Friday, July 25, 2014

Northward Bound

Although I am not typically a superstitious person, I hesitate to comment about our progress.  Each time I did so on the way across the situation would change drastically within hours!  Oh, well, here we go.

We are 430 nautical miles out of Kauai and just beginning our fourth day of sailing.  Our progress is much faster than our speed of 120nm/day from Mexico, currently averaging 150nm/day on this leg.  We are aiming for a way point at 40 degrees north, where we will finally turn east towards Seattle.  Hopefully, the North Pacific High will stay out of our way and we wont have to motor like many of the other boats we have heard from making the same journey.  We are carrying enough diesel to motor close to 100 hours, but motoring on a sailboat can be very miserable because the boat is much less stable and the engine is so loud!

During the first two days of the trip I think that everything on board got wet.  Luckily, since leaving Santa Barbara last fall, most of our electronics are stored in ziploc bags and before leaving Hawaii we wrapped up all of our books in garbage bags anticipating a wet sail.  We were drenched for a few reasons.  First of all we were beating north (sailing close to the direction the wind and waves come from) and there was a lot of salt water coming over the bow and spraying whomever was on deck.  Also, for a large portion of those first two days it was raining, a parting gift from tropical storm Wali.  We also saw some lightening, but none close enough that we could hear the thunder.  Lastly, this one our own fault, in an attempt to cool down the cabin we left a port light open and got hit with a wave just right to get, what seemed like, the maximum amount of water that could possibly fit through such a tiny opening.  Things have dried out somewhat in the last 24 hours but there is still this damp, clammy feeling about everything.  Surprisingly, the weather here is much warmer than it was on our way to Hawaii, so we haven't yet suffered being wet and cold at the same time.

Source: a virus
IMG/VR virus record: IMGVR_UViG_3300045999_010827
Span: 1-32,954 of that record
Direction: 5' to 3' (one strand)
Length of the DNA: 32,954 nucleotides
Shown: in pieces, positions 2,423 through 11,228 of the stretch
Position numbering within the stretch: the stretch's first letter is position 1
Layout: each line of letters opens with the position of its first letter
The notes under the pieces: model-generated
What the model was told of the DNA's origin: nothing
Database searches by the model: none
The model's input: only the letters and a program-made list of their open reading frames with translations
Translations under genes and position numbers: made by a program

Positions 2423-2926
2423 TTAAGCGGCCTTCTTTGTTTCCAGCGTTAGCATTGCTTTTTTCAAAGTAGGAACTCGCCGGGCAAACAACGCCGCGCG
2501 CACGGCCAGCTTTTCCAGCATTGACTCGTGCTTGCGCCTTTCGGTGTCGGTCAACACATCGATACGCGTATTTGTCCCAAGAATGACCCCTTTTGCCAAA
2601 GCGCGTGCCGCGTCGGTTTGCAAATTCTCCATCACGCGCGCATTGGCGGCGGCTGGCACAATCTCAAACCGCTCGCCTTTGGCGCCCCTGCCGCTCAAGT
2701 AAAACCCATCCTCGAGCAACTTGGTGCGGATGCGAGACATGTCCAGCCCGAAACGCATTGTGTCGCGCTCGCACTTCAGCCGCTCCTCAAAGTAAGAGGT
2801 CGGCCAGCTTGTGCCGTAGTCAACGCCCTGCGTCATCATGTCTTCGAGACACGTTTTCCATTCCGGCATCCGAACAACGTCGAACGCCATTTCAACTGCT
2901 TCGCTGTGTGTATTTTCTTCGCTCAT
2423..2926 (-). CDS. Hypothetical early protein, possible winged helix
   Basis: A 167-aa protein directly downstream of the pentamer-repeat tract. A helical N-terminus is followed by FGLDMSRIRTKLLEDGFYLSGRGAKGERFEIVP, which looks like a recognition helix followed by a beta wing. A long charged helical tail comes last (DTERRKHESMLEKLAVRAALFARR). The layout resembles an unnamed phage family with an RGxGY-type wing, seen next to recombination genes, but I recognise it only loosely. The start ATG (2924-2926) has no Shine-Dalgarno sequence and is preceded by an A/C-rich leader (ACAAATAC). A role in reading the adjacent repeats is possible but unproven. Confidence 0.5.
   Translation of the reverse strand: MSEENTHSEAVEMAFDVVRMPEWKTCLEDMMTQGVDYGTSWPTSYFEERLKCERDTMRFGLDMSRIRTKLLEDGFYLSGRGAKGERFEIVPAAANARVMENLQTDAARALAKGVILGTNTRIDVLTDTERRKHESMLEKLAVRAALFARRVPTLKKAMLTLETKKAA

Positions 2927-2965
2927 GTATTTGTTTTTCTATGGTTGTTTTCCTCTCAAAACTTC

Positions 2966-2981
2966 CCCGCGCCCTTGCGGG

In addition to sailing up wind getting us very wet, it has also resulted in more bruises than I have ever had at one time.  Andrew, our crew member, actually bounced out of his bunk and onto the cabin floor, clearing the lee cloth rigged to keep him from doing just that!  Luckily, he was not injured.  I on the other hand received the most serious injury so far when I was cooking.  I had reached over the stove to grab a plate from the cabinet and suddenly the boat moved.  The gimbaled stove, excellent for keeping food in the pot while it is cooking, tilted in such a way that the top of the hot pressure cooker caught the underside of my forearm while I was desperately trying to figure out how to stay upright.  The burn, about 3''x1'', blistered immediately and is definitely the worst one I have ever had.  Luckily, we have a very extensive first aid kit and plenty of antibiotics on board if it comes to that.  Hopefully, when we make our turn towards Seattle in a few days things will calm down again and just living will not be such a challenge.

Miles traveled: 430
Fish count: 2 (Mahi Mahi)
Days until the big right turn: Hopefully less than 5!